Despite having a screenwriting Oscar for 1997's Good Will Hunting, not much more than half a decade ago Ben Affleck was a would-be blockbuster star increasingly better known for his high-wattage celebrity romances than for his wobbly film work.
This made the career reinvention of Affleck's directorial debut, 2007's Gone Baby Gone, such a surprise. Gone Baby Gone was a Boston-set crime thriller with documentary texture and emotional heft. Affleck, who co-wrote, stayed behind the camera, casting his younger brother Casey in the lead. His follow-up, 2010's The Town, was a turn toward the conventional. Another Boston-set crime flick, this one had more action, more gunfire, and Affleck in the lead but was still a cut above the norm for current Hollywood shoot-'em-ups. It was enough to confirm that Gone Baby Gone was no fluke, but it still suggested limits.
Affleck — who doesn't have a screenwriting credit this time — shatters those limits with Argo, his ambitious new film that leaves Boston and crime cinema behind. Based on a wild but true story of a CIA-led "exfiltration" — or extraction — mission in Iran that happened in 1980 but was classified until 1997, this tense, entertaining film superbly balances comedic and thriller elements while deploying the best ensemble cast on the big screen this year.
At the head of the cast is Affleck himself, as CIA agent Tony Mendez, an exfiltration specialist called to a joint agency/State Department meeting two months after the beginning of the Iranian hostage crisis, where he learns that there are six American diplomats who escaped to the home of the Canadian ambassador when the U.S. embassy was overrun and that have been hiding there ever since. Now,, the U.S. is looking for a way to rescue them without discovery.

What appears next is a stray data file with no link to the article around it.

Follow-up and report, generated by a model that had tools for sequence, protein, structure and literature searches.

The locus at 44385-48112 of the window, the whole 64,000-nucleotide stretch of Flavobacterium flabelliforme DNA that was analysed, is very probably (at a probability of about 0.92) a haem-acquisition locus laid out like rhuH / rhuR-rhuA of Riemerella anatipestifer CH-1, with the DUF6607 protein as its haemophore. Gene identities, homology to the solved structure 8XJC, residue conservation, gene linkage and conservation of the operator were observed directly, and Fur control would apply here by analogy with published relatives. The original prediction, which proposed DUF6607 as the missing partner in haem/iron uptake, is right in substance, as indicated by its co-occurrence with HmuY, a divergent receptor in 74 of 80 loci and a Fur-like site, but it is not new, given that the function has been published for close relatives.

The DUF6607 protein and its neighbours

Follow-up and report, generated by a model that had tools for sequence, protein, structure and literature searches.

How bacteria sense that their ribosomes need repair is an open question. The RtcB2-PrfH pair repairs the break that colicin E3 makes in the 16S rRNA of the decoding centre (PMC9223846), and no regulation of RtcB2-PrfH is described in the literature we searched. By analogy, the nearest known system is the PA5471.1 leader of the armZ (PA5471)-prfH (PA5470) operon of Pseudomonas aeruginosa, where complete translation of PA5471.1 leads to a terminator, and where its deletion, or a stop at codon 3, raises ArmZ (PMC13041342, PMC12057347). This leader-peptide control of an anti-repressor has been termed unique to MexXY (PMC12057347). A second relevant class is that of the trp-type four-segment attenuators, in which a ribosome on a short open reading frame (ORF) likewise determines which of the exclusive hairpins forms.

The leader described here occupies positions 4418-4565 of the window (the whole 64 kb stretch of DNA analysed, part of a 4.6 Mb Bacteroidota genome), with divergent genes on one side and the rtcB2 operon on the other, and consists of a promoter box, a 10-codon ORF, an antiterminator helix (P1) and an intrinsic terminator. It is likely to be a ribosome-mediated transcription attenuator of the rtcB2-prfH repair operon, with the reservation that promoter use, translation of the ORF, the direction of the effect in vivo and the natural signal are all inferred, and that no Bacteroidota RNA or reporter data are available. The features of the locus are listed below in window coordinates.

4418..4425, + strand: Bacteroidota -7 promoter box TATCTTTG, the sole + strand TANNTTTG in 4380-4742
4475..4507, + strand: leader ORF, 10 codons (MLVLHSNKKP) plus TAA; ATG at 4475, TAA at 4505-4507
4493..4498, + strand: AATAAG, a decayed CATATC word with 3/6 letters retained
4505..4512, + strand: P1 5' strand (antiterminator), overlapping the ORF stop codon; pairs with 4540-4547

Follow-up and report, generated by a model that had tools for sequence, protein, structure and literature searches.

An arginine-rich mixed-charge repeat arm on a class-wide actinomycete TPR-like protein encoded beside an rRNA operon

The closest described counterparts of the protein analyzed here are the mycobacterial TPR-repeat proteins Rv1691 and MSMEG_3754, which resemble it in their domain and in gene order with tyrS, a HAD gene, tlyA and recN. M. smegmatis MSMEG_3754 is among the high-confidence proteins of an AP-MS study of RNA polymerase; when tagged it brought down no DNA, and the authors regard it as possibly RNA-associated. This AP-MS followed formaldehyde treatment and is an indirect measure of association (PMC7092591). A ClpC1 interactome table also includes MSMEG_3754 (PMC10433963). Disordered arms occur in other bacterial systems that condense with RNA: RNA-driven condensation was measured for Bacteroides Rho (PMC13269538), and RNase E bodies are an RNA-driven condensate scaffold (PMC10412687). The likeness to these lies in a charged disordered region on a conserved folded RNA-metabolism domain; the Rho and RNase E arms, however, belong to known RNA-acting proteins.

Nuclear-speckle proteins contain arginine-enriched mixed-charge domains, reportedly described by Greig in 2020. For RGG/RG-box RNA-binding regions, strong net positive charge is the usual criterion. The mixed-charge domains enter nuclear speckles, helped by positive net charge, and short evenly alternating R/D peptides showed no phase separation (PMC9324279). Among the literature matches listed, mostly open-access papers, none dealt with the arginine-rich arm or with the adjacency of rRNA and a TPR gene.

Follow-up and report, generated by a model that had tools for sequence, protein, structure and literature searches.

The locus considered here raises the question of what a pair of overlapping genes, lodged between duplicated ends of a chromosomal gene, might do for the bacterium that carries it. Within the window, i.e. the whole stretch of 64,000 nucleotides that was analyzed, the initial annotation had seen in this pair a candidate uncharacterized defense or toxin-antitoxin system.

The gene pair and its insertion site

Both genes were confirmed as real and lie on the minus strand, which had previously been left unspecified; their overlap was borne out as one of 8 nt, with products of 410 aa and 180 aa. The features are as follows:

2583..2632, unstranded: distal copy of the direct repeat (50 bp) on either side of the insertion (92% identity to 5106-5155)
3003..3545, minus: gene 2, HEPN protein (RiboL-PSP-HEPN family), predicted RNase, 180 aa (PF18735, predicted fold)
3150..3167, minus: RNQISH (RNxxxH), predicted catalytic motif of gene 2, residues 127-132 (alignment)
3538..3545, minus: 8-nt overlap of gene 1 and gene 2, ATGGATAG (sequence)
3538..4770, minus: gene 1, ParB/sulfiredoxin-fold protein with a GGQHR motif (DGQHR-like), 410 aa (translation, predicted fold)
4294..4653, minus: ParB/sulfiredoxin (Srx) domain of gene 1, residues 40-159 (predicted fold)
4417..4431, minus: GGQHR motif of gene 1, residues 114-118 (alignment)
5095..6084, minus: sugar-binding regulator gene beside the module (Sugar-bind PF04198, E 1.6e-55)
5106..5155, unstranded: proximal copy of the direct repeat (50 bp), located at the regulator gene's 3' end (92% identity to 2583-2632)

Mendez councils his skeptical superiors that "ex-fils are like abortions. You don't want to need one, but when you do, you don't want to do it yourself."
Dismissing more conventional State Department plans as too easily detected, Mendez hatches a plot to extract the Americans by posing them as a Canadian film crew in Tehran scouting for a science-fiction film. "There are only bad options. It's about picking the best one," Mendez insists. "It's the best bad idea we've got," says Mendez's agency boss, played by Breaking Bad's Bryan Cranston.
Establishing a paper trail for the fake film — the titular Argo — brings a couple of Hollywood vets, a make-up artist (John Goodman) and past-his-prime producer (Alan Arkin) into the mix and allows for truly funny but light satire on the film business at the dawn of the Star Wars-obsessed blockbuster age. This period detail extends throughout the rich set and costume design and sharp use of news footage from the time. Affleck was 8 when the Iranian hostage crisis occurred, the same age as his on-screen son here, and his feel for the period at times conveys the intensity of childhood memory.
The quality of the film's cast extends well beyond major supporting performers or the hiding diplomats themselves, who are familiar faces but less familiar names (Clea Duvall, Tate Donovan). Argo is packed with crisp contributions from supporting or character actors even in the smallest of roles — Richard Kind! Philip Baker Hall! And the film's music cues arrive with nearly as much welcome surprise, making nice use of Bob Dylan's "Hurricane," Van Halen's "Dance the Night Away," and, especially, a diagetic deployment of Led Zeppelin's "When the Levee Breaks" at a key moment.
These flourishes add spice, but Argo gets the meat right too, starting with a pre-credit primer on Iranian history that deftly and sensitively lays a foundation for the hostage crisis with a visual strategy that foreshadows the film's peculiar plot. The opening siege on the embassy, with American diplomats and military personnel working together feverishly to protect national interests and themselves, is haltingly tense, made more so by the rhyming with recent events at U.S. embassies.
If there's a flaw here, it might be that the Iranians are mostly reduced to background others, with one housekeeper for the Canadian ambassador asked to do too much heavy lifting on this front. But this is a minor issue. Overall, Argo has an intelligence and sensitivity to the political realities of its period and its historical resonances beyond what we could expect from most mainstream entertainments.
If Affleck's first two films established him as a real director, Argo vaults him into a major one.
Opening Friday, October 12th, multiple locations